The other problem comes down to sheer corporate greed. You have the EA’s and Activisions of the world who are buying up everything and are held accountable to their share holders. Hence the drive to meet impossible time tables to release these games as soon as possible. 20GB+ day one patches wouldn’t have been acceptable in 2005, but these days we’ve come to expect it. Nearly every developer gets away with this because we let them. We are desensitized to it now. To be fair, it’s rarely a big deal as I can download 50GB in less than 20 minutes. With digital distribution and game preloading, a day one patch download is faster than traditional game installations.

    But this method allows companies like CDPR to continue working on a game even after a game has gone gold for the consoles. Beyond that, companies want to make life style products that keep you coming back every day, every week and year after year. World of Warcraft showed the industry that subscription models were the wave of the future. Games that couldn’t pull that off did well with microtransactions. The idea being that companies need to hook you on a live service and milk you not once, not twice, but dozens of times.

    Live service games have changed the landscape. Now it’s acceptable to play something while it’s being improved. It also allows companies the ability to take customer feedback and tailor them to their customers in order to reap more profit. At this point game companies don’t need to release a complete game. They can release a base framework and update it as they go. In fact, it makes more sense to do it that way than to give you a complete experience out of the gate.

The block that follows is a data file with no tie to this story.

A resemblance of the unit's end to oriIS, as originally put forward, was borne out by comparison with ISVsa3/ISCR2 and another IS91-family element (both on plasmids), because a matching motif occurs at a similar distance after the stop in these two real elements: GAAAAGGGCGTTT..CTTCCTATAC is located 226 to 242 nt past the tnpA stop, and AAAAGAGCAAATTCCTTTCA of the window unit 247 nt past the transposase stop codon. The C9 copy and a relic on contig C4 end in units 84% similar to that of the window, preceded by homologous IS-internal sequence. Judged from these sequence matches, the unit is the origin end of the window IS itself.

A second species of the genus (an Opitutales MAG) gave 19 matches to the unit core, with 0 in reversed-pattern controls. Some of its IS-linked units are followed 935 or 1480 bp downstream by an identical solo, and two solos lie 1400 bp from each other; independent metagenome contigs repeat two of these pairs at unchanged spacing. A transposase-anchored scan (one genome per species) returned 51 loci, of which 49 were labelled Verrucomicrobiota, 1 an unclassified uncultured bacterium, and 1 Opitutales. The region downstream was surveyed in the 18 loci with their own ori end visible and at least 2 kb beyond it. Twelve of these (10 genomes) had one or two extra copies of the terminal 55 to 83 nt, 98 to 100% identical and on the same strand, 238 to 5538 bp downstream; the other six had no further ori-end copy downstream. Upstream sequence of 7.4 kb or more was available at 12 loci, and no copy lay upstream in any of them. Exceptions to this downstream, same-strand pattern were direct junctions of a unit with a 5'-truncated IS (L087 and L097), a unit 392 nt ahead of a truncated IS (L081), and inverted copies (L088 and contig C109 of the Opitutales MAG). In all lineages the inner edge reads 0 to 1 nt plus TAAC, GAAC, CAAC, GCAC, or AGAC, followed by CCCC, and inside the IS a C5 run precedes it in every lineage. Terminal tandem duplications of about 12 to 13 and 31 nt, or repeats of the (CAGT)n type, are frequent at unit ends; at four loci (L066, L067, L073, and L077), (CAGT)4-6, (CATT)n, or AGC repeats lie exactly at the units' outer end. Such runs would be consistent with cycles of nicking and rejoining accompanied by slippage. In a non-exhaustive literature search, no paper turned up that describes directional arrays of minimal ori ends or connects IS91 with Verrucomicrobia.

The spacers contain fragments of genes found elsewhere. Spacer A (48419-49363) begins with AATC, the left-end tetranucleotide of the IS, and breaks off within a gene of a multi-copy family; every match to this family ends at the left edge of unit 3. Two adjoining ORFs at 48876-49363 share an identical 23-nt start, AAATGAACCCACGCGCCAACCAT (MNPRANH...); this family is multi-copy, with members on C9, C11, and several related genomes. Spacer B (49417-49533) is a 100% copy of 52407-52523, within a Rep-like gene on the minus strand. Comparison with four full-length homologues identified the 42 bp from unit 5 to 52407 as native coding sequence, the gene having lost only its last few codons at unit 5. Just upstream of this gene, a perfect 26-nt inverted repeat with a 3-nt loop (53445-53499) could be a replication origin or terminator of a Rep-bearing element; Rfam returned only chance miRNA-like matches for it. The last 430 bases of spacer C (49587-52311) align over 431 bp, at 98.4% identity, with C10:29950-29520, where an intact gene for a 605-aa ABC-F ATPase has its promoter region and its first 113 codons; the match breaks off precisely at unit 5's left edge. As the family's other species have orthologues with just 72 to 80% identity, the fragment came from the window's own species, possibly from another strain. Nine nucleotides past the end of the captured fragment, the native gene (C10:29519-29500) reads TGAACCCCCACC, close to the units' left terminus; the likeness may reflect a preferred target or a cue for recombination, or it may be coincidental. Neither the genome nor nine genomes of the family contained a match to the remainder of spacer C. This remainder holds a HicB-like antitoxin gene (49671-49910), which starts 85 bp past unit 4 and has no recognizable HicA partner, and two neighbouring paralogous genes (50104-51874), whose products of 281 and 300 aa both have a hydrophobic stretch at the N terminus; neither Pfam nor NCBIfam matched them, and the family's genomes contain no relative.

This isn’t going to change anytime soon if ever. It’s only going to get worse. CDPR wanted to make Cyberpunk 2077 the next GTA online. Their problem was that they tried to move too fast and didn’t have near the staff to produce the game fast enough to make such a thing work. They underestimated the scope of the project and it shows.

  21. [QUOTE=”Dan_D, post: 39931, member: 6″]
    It’s more than that. It’s due to several factors matter of game development becoming more complex, more expensive and taking far longer than it used to. The internet and the proliferation of broadband has allowed developers far more leeway to release a product and fix it later. It’s also led to developer / customer communication which allows for feedback. This is a double-edged sword as CDPR has learned. Things like death threats for not releasing a game on time is one example of this.

    The other problem comes down to sheer corporate greed. You have the EA’s and Activisions of the world who are buying up everything and are held accountable to their share holders. Hence the drive to meet impossible time tables to release these games as soon as possible. 20GB+ day one patches wouldn’t have been acceptable in 2005, but these days we’ve come to expect it. Nearly every developer gets away with this because we let them. We are desensitized to it now. To be fair, it’s rarely a big deal as I can download 50GB in less than 20 minutes. With digital distribution and game preloading, a day one patch download is faster than traditional game installations.

    But this method allows companies like CDPR to continue working on a game even after a game has gone gold for the consoles. Beyond that, companies want to make life style products that keep you coming back every day, every week and year after year. World of Warcraft showed the industry that subscription models were the wave of the future. Games that couldn’t pull that off did well with microtransactions. The idea being that companies need to hook you on a live service and milk you not once, not twice, but dozens of times.